The change of being life to being not life or to being something else. I don’t know what it was like to be what I was before I became what I am. We can’t know that. I don’t know what that was like. At the same time, just because consciousness changes doesn’t mean it doesn’t exist. Think about the very simple change that happens from being awake to being asleep. We don’t go to sleep and you start having some dream. You’re not dreading or lamenting the fact that you’re not awake because you don’t even know that you’re not awake. What happened was change and it’s a total shift in consciousness. I don’t think you look back and think, “Man, if I could just be awake again. I’m so sad now that I’m asleep.” We don’t do that. You just shift into what’s next and that’s the new normal.

With dreams, it can be crazy. You can be dreaming that you’re on the back of a dragon flying over and attacking a castle and you never question any of it because it’s just reality is what it is. Anyway, I guess that’s kind of a tangent on this whole thing. What I want to get at is when we think about death and we think about it as the end. It’s not the end. It maybe the end of what we hold to be familiar, of what we understand, and perhaps it’s our fear of the unfamiliar that makes death so scary. We don’t know what happens next. We don’t know if anything happens. That’s something that I love about Buddhism, because Buddhism rather than try to answer these existential questions and say, “Well, here’s the answer.” It’s trying to say, “Well, hang on a second. Why is that question so important to you? Why do you feel you need to know? Could you ever arrive at a place where you don’t need to know?” Because that’s where peace is.

That’s where contentment and joy can be found. In this state of mind of, “This is something that I don’t know and that’s okay. I don’t need to know. Because when happens, it’ll happen. Until then, here’s what I do know. It’s here and it’s now and this is what I’m experiencing in life.” Buddhism anchors itself in that present moment, in the here and in the now. Again, the answer to question what happens when we die, change. Change is what happens when we die. It’s been happening all along. Change has never not been happening. It’s really hard to answer that in a simple question answer type setting without giving an entire background of the Buddhist understanding of interdependence and impermanence.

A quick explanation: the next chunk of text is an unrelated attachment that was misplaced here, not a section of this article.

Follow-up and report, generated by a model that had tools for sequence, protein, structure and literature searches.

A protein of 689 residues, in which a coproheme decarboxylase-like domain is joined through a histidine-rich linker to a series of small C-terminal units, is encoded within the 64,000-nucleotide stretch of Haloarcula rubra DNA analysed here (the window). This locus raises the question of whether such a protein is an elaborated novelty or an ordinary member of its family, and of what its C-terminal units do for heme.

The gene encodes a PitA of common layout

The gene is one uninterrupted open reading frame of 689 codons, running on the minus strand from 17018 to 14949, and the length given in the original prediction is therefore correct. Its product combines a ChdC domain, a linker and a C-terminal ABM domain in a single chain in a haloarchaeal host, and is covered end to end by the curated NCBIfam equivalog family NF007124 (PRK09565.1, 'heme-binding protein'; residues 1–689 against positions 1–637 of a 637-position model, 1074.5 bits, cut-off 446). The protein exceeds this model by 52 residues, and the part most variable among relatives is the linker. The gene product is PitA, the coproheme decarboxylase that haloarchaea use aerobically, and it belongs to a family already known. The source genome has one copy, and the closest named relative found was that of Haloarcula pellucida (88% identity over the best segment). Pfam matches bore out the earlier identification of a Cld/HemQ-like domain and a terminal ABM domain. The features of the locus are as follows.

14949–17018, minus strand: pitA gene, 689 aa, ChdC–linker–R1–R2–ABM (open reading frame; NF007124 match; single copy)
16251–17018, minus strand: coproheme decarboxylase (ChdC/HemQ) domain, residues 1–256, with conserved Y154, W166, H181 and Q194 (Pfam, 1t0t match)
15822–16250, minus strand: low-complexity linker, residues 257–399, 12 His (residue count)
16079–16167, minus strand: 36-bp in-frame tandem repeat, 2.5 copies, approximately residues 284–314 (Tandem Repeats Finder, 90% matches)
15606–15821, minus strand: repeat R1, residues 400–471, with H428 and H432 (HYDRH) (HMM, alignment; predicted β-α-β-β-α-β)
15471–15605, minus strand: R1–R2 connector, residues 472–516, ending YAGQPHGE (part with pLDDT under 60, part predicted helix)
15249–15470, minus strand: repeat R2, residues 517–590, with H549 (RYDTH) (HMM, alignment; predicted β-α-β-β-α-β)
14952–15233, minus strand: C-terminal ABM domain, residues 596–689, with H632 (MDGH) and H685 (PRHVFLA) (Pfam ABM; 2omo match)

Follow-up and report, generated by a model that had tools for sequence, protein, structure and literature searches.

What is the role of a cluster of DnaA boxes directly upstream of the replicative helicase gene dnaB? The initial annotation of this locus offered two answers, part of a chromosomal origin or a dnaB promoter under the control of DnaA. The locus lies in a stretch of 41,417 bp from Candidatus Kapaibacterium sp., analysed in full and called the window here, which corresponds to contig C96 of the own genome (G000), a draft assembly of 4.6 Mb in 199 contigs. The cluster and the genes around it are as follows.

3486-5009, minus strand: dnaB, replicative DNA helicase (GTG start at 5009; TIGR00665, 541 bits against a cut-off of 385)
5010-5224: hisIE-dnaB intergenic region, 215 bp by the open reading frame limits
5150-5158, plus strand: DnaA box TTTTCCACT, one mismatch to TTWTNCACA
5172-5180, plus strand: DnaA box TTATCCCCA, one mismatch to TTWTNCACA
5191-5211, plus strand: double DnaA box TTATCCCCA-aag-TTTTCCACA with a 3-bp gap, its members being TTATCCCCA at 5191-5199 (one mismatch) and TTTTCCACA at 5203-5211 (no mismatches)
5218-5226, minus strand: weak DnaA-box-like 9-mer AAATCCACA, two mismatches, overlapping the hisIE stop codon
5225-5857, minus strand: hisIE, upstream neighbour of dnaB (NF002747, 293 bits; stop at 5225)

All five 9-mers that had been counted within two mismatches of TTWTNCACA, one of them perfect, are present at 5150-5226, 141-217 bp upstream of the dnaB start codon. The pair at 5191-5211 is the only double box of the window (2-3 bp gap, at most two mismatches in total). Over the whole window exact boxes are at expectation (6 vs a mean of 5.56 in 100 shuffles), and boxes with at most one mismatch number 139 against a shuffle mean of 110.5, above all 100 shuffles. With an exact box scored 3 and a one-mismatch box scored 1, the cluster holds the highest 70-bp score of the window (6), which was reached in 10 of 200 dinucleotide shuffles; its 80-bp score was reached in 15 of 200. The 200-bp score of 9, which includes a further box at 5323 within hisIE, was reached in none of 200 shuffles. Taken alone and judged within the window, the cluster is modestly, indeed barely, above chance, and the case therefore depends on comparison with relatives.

I think when you have a good grasp of interdependence and impermanence then suddenly death doesn’t seem so scary because it’s the one inevitable thing that is certain for us. Is that death will come. And with it comes change. Change is the only thing that will happen. When that times comes, change will happen and whatever it’s going to be like is what it’s going to be like. There’s no need to try to speculate. Maybe some could argue they have hope and the idea of lasting forever or thinking I have a soul and that goes on and that goes to heaven or whatever … It can be comforting to have a narrative that you can believe in, but remember that can become problematic because it’s our beliefs that can blind us from experiencing and seeing reality as it is.

Just think about that for a minute and ask yourself, “What do I think about death? Do I need to have an answer? Do I need to have a narrative that comforts me? Do I need to have that hope?” Or can I get to the root of why I feel the need to know? That’s kind of where Buddhism goes with all of this. It becomes an introspective process of understanding the nature of the mind. Why do I feel I need to know these things rather than saying here are the answers to these things. That’s what I wanted to discuss in this podcast episode.